It was my performance rather than my career choices that were taking me to the next level. For instance, at the end of my primary education, I was among the best three. Aside from the Common Entrance examination held in my locality, I was taken to Lokoja for another interview and that was how I got admission into a secondary school.
When I finished secondary school, I chose to go to Teachers’ Training College because it was free. I was moving towards teaching but because I love people, I wanted instead to go into nursing. It was at that point that my husband came into my life. I was the talk of the entire village because of my academic performances and he changed my idea of becoming a nurse.
It was not as if I sat down to choose Law. I read Law by default and also in my husband’s house. That is the reason I tell people that it is God first and my husband second. If he tells me to put my hand in a fire, I am not going to think about whether it will burn me.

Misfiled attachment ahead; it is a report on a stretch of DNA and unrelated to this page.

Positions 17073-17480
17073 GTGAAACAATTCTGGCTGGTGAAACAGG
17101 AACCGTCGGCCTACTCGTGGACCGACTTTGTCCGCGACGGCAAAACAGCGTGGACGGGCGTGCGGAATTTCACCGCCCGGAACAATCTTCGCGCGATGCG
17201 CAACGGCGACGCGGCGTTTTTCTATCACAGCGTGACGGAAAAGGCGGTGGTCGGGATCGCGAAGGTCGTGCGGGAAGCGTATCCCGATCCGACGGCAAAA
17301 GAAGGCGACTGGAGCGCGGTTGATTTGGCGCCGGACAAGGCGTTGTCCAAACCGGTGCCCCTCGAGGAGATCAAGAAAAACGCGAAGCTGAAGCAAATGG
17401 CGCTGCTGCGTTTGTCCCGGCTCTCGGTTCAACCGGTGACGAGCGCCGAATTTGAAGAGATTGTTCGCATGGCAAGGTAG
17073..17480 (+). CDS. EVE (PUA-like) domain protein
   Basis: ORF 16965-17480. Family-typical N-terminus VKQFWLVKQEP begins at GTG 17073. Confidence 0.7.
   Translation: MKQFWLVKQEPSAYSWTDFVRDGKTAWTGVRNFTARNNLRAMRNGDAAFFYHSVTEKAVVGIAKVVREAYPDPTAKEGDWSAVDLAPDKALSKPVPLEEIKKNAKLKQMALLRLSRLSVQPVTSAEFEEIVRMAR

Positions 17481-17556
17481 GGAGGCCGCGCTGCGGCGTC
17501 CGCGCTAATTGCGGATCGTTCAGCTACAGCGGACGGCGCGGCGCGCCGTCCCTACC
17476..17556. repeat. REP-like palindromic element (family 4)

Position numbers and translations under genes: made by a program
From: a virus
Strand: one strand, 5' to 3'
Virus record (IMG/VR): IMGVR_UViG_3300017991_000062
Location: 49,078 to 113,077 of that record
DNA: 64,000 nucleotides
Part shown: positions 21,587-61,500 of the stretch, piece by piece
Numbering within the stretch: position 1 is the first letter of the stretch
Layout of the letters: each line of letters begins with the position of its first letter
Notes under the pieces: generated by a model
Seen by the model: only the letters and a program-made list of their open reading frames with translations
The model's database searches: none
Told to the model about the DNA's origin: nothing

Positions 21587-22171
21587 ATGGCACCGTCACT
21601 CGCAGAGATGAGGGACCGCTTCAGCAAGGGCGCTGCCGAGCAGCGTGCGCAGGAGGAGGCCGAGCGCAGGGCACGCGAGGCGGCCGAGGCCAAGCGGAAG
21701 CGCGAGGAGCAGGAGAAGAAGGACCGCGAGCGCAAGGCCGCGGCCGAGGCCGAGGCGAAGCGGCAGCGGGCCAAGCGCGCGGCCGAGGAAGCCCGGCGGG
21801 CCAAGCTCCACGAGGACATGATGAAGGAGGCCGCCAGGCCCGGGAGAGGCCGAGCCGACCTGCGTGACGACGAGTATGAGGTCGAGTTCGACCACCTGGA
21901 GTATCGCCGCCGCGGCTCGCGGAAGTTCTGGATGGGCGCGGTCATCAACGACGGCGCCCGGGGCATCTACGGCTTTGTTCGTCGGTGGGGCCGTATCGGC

I will rather obey him first. He has been my guardian angel. Our marriage was very new when I gained admission to study diploma in Law at Ahmadu Bello University, Zaria.
When I was through with the program, I went to join him in the United States. When I got there, he bought a form for me to do a Masters in Criminal Justice.
I could not understand how he expected me to do Masters with a Diploma in Law but he encouraged me by reminding me that I was brilliant enough to do it. Behold, by the time I was through with the first stage, I passed very well and I continued till I finished it.
When we returned to Nigeria, he worked hard to see that I was enlisted for National Youth Service Corps. Again, he came back to tell me that it would be nice if I go for Law so I could practice. I earlier told him I was tired but he pressed on and I accepted. That was how I came to read Law.